Sham Wrestling at the World Economic Forum
The comforting thing about those sham wrestling ‘championships’ on television is that everybody knows they are a farce. Steroid-stuffed Cro-Magnons stomp the living daylights out of painkiller-primed Neanderthals. Good, unclean fun. The results are safely predictable. You should expect the 600-pound gorilla to overwhelm the 900-pound one in a staggering twist of fortune (after the bets have been laid). But audience, organizers, fighters all know the fighting is rigged and everyone’s happy.
There were many, pre-television Indian symbols of this honourable tradition. As school kids we cheered wildly as Black Spider brutally crushed Red Spider’s brother in an open-air bout. The roaring crowd dispersed only after Red Spider jumped into the ring to promise us he would throttle Black Spider in a revenge match the next week, so buy your tickets in advance. (He then toddled off to dinner with Black Spider). At age 8, it was magical.
Decades later, television has given sham ‘wrestling’ giant audiences, made it more spectacular, but perhaps less convincing. (The close ups are a dead giveaway). But almost everybody still knows what to take seriously and what not to. That, and the fact that they entertain more people, is what demarcates the world wrestling extravaganzas from the world economic forum. (Both, otherwise, fully corporate enterprises). The wrestling corporations take the money seriously. The World Economic forum takes itself seriously, besides the money.
The WEF’s first ever summit in Mumbai ended on December 14. Its main organizer was the Confederation of Indian Industry. But both Central and state governments turned out in “support.” The chief ministers of Maharashtra and Kerala (both states reporting rising farm suicides) hosted ‘cultural evenings’ and / or expensive dinners for this billionaires’ club, besides other forms of ‘support.’ The WEF’s May 31 press release announcing Mumbai as the venue, had this mysterious line: “The Summit will return to New Delhi in 2012 and 2014 in time for India’s next national election.” Wow, is the WEF running for office? And why shift from Delhi to Mumbai? Was it embarrassing for a government drowning in corporate corruption and scams to “host” the corporate world’s Croesus Club in the capital?
And so, governments that cannot add a few hundred rupees per quintal to desperate paddy or cotton growers find the means to subsidize the global billionaire fraternity. Union ministers and Chief Ministers came down to the Grand Hyatt in Mumbai to reaffirm support.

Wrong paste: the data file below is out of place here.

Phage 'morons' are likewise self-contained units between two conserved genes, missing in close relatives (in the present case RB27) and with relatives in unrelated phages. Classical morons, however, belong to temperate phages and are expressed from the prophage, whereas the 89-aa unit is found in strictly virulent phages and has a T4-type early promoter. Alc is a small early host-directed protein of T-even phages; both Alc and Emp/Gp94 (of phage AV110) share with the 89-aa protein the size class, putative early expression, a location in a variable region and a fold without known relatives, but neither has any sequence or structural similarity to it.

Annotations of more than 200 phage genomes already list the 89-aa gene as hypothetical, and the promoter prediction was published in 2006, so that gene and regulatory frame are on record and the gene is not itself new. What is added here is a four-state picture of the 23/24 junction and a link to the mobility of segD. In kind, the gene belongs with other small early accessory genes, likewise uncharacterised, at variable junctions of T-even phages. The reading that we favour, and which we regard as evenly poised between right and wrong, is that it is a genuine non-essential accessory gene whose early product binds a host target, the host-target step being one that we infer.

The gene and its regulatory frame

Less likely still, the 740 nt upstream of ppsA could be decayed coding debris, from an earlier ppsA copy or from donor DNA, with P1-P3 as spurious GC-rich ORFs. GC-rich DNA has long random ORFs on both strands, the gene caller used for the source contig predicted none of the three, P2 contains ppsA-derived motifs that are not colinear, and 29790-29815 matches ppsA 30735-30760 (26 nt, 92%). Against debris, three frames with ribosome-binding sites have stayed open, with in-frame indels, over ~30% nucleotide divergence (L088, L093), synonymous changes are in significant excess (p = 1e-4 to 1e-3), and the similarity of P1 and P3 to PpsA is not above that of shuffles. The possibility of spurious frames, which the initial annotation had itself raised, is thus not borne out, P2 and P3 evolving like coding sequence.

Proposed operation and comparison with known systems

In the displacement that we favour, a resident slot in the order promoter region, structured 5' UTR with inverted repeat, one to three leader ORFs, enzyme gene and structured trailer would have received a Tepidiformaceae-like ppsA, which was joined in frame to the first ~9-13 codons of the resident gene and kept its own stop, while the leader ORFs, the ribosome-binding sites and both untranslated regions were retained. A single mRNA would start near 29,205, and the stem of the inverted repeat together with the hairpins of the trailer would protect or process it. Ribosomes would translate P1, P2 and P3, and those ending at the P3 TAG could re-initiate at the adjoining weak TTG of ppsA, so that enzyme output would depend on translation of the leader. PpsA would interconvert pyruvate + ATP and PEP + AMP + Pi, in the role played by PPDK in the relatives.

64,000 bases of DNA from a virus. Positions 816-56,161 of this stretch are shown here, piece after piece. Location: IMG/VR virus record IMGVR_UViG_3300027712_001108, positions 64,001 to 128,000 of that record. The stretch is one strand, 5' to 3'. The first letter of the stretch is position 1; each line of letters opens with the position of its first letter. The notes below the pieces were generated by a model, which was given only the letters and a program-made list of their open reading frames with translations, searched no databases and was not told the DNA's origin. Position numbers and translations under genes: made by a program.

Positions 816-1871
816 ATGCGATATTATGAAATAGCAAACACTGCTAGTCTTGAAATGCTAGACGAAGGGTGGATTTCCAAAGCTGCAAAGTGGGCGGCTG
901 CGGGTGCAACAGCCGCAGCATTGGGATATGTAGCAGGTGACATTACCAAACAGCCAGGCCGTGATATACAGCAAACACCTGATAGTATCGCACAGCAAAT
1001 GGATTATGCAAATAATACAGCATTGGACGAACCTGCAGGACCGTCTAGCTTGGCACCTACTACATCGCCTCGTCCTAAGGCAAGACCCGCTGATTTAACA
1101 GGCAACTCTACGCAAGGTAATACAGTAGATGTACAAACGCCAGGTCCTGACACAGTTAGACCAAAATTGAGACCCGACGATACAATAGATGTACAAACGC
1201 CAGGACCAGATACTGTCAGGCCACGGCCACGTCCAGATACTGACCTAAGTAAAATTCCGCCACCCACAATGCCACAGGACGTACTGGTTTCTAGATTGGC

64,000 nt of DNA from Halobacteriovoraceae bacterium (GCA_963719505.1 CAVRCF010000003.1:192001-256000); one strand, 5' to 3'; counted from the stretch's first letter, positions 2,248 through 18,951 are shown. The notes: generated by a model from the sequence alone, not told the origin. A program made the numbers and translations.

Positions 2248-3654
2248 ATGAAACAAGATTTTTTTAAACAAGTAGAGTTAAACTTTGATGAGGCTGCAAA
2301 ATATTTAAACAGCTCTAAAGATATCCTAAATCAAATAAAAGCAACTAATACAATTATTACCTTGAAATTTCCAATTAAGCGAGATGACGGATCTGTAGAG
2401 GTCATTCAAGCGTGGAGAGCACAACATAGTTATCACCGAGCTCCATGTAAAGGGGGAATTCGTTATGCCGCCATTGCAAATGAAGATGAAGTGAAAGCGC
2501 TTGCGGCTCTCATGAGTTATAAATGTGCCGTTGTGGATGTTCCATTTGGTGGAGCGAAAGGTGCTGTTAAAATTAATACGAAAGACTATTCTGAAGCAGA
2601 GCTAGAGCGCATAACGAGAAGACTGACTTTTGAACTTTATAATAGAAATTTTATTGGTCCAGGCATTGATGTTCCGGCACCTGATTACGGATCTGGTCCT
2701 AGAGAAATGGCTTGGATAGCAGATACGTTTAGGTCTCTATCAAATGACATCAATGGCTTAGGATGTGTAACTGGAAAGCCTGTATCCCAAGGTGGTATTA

But why? What exactly does WEF deliver to India? Or anybody? Have they brought you staggering investments? Unlike the sham wrestling world, the WEF can predict nothing safely. (And they’re hardly entertaining). When did this crowd ever get anything right? Did they warn you of the 2008 meltdown or the Euroquake? (They did grimly observe in Mumbai that Europe is in trouble. Gee. The rest of us would never have suspected that).
Dean Baker puts it well: “Economic forecasters are not workers like dishwashers and cab drivers who are held accountable for the quality of their work. They can be wrong every day about everything and face little risk to their career prospects.” (CounterPunch August 25, 2011).
However, by WEF standards, the Mumbai show was a bit subdued. The US and, Europe are reeling in crisis driven by the very economics the WEF stands for. India was still rising but not shining. Even the Planning Commission-driven India Human Development Report admits: “the average percentage of undernourished children under five years for 26 Sub-Saharan African countries was 25 per cent, about half the Indian average of 46 per cent. Weight and height of Indians on average have not shown significant improvement over the last 25 years.”
India’s rank in the 2011 Global Hunger Index, at 67 out of 81, places us seven notches below Rwanda which apparently handles food security better. We’re also below Sri Lanka (ranked 36), Nepal (54) and Pakistan (59). The GHI 2011 states flatly that its data “does not reflect the impacts of the 2010-11 food price crisis.”
And the country gracing the top five when it comes to dollar billionaires now ranks 134th in the 2011 UN Human Development Report. Our 55 billionaires multiplied their wealth at an astonishing rate in the post-1991 era. And there’s the India story: the consciously constructed, ruthlessly engineered inequality of it. Just see our HDI Value in the UNHDR. It reads 0.548. Adjusted for inequality this value falls close to 30 per cent. India’s ‘multi-dimensionally poor’ now exceed 612 million., as the report shows us.